Deeper Than Words - How I Sang With My Own Voice
I heard a story about Robert de Niro that fascinates me. He came into an audition one time and read for a part. The producer remarked that he was astounded by De Niro because while all he seemed to be doing was reading the lines, it was utterly convincing.
I find it interesting that De Niro ’s performances are always “him.” He doesn’t seem to be “acting” that differently in each movie. And yet the characters he plays could never be mistaken for one another.
How does he do that? I think he avoids trying to “become” a character, determining what kind of walk they’d need, or how they would say the words. Instead I believe he asks this question: “If I were this person, how would I walk and how would I say these lines?”
He recognizes that he can only be convincing playing himself, and yet by speaking lines and doing things that he never would do, he can essentially become someone else. Contrast this with other actors that seem to try really hard when they act, so that all you see is their work. You might enjoy their work, but it won't necessarily feel real to you.
It’s hard to resist the urge to transform oneself when the opportunity arises. I know I’d rather be someone else sometimes, when I act, when I sing, when I write. And yet the results of that kind of play are always artificial at best.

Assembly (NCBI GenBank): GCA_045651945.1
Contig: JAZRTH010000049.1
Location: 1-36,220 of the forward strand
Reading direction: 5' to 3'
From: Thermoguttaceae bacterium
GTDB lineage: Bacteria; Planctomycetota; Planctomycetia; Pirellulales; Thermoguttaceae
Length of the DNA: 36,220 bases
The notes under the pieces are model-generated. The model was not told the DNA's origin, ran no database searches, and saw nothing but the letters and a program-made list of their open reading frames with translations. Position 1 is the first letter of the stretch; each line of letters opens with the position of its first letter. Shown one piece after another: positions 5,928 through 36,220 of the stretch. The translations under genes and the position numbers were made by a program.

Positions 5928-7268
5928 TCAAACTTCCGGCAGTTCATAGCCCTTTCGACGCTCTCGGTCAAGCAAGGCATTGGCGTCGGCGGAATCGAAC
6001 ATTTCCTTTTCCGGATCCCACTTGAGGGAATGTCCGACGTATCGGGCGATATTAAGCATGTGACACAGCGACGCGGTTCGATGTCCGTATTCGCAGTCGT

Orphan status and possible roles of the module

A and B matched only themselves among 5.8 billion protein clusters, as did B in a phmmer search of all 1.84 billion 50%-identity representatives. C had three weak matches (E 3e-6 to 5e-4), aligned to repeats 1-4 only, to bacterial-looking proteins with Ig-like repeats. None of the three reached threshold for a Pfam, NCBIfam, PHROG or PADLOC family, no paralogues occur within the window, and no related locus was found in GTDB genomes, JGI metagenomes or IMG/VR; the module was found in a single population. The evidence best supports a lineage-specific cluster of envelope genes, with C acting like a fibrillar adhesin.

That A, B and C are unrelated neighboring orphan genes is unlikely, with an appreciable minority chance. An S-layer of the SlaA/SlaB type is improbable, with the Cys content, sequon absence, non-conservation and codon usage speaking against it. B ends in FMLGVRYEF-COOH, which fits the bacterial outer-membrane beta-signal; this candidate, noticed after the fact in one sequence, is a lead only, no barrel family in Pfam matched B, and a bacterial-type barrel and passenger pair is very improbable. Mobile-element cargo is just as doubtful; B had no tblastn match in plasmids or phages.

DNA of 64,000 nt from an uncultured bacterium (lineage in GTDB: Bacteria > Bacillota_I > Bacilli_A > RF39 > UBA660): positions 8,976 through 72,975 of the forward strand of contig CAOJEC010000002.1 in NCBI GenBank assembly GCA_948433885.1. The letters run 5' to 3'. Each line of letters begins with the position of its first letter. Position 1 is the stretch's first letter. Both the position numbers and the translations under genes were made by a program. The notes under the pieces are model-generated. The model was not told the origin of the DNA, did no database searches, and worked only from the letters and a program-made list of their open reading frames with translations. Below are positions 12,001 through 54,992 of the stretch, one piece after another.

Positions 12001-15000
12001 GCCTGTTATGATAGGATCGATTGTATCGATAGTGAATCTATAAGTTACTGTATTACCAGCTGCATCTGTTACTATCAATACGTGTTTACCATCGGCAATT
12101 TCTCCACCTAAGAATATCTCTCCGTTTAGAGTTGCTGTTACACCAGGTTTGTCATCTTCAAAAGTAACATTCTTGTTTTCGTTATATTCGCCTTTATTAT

Twenty years ago I recorded an album called The End of the Beginning. The only track I wasn’t satisfied with was a song I wrote for my wife called “Deeper Than Words.” For years and years after I released the album I couldn’t stand to listen to it and seriously wished I could do it again.
I took the tempo monstrously slow. I sang it very straight, very sincere. The result in my opinion: a boring, amateurish track that could have been so much better.
I’ve done lots of tracks since then and had the opportunity to produce “better” stuff, more fancy, more polished. But I got to thinking about De Niro. And I listened again last weekend.
All of a sudden, for the first time, I heard something diferent. It was me, it was acceptable, it was successful. I recognized what I had been trying to do twenty years ago.
I wasn’t trying to be someone else, a character, a star. I had been asking the question: “How would I sing this song?” And I sang it that way.
For the first time in twenty years I liked the track. Instead of an amateur, I heard a thirty-year old newly married man who had the guts to sing like himself over a tempo so slow he wouldn’t be able to finesse it, lie on it, pretend to be someone else. That guy had guts to do that, I thought, and he should be honored.
So I’m honoring him now. It ain’t Vandross, but it sure the hell is me. And while my honesty may read as amateurish to most listeners, I no longer regret the decision.
Care to offer your opinion? http://www.acole.net/songs/s/deeper_than_words
News From a Jazz Musician Who Writes Books
I completed work on a new version of the Front Porch Session Players song "Oriental Rug." I've been working on this track since last July! You can hear it here.
Three features this week:
Adam Cole is a Jazz Musician Who Writes Books. Fantasy author, music educator and performer, Adam chats weekly on the subject of listening, creativity and living your best life. To take a quiz on what kind of music warrior you are, please visit www.mymusicfriend.net